A respected and entirely professional and experienced investigator recently indicated that an (at least) equally experienced and senior prosecutor had suggested to her that defence lawyers cannot be trusted, that they are sly.
This perception is commonly reported as the perception of the general public – yet here it apparently is from a professional within the legal system, who should know better. Such a statement does nothing to preserve the dignity of the profession, nor for the matter is it especially polite.
But it is revealing of the increasingly hostile nature of the states prosecution services. The day when the DPP would utilize its discretion to act impartially, objectively and with dispassionate gravitas appears to have turned to the day when the DPP seeks to be the moral guardian of the state. Implicit in the comment above is an assertion that not only must defence lawyers not be trusted, but that only the prosecutors can be.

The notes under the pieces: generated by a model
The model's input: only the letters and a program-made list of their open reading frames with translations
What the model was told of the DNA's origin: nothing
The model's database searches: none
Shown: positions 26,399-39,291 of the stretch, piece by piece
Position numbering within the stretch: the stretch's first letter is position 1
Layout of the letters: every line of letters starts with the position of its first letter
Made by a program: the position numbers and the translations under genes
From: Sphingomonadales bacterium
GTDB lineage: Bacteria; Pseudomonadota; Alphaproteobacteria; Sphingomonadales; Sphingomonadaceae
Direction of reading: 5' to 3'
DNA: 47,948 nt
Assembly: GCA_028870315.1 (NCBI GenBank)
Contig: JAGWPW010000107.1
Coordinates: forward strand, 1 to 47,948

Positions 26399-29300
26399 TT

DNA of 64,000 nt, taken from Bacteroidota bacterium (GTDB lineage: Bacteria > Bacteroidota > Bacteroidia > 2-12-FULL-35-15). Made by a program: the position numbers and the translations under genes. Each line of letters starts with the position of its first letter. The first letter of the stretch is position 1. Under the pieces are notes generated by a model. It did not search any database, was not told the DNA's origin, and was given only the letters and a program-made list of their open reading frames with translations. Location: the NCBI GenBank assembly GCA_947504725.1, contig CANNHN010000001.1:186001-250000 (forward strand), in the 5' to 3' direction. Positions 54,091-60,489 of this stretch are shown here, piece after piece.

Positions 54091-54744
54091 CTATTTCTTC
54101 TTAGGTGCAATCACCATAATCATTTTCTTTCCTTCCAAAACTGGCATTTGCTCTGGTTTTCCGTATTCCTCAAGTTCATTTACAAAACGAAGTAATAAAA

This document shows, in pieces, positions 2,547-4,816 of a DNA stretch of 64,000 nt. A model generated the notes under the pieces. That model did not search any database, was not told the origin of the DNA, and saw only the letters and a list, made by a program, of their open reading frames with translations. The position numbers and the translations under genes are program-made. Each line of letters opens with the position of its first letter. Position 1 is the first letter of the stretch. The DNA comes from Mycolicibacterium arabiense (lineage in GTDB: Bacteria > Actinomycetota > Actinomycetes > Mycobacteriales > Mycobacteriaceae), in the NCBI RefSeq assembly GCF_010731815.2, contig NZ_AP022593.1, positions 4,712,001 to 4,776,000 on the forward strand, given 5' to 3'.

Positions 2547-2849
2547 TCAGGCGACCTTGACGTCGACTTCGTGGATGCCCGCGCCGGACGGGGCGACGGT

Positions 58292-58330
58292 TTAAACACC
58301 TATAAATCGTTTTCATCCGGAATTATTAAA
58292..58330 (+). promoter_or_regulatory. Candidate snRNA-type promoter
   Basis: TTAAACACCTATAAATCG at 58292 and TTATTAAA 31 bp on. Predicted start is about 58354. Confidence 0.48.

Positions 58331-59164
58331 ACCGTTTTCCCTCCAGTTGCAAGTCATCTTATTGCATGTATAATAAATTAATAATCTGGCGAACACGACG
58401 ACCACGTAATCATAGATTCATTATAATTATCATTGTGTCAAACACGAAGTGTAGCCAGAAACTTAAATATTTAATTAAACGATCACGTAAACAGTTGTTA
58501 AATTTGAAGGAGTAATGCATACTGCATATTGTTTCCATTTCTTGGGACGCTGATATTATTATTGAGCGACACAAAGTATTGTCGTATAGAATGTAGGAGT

The reasons why such a view might be held probably cut across a number of issues and experiences. But it is an interesting insight into the approach now taken in the context of criminal litigation. Just recently, in another part of the state, a prosecutor took it upon himself to object to a client electing to insist upon his right for a trial by jury. His intended objection was later withdrawn – it having no basis in law or in principle.
At this time of the year, it’s helpful to ponder these experiences to look ahead and see what the future might bring.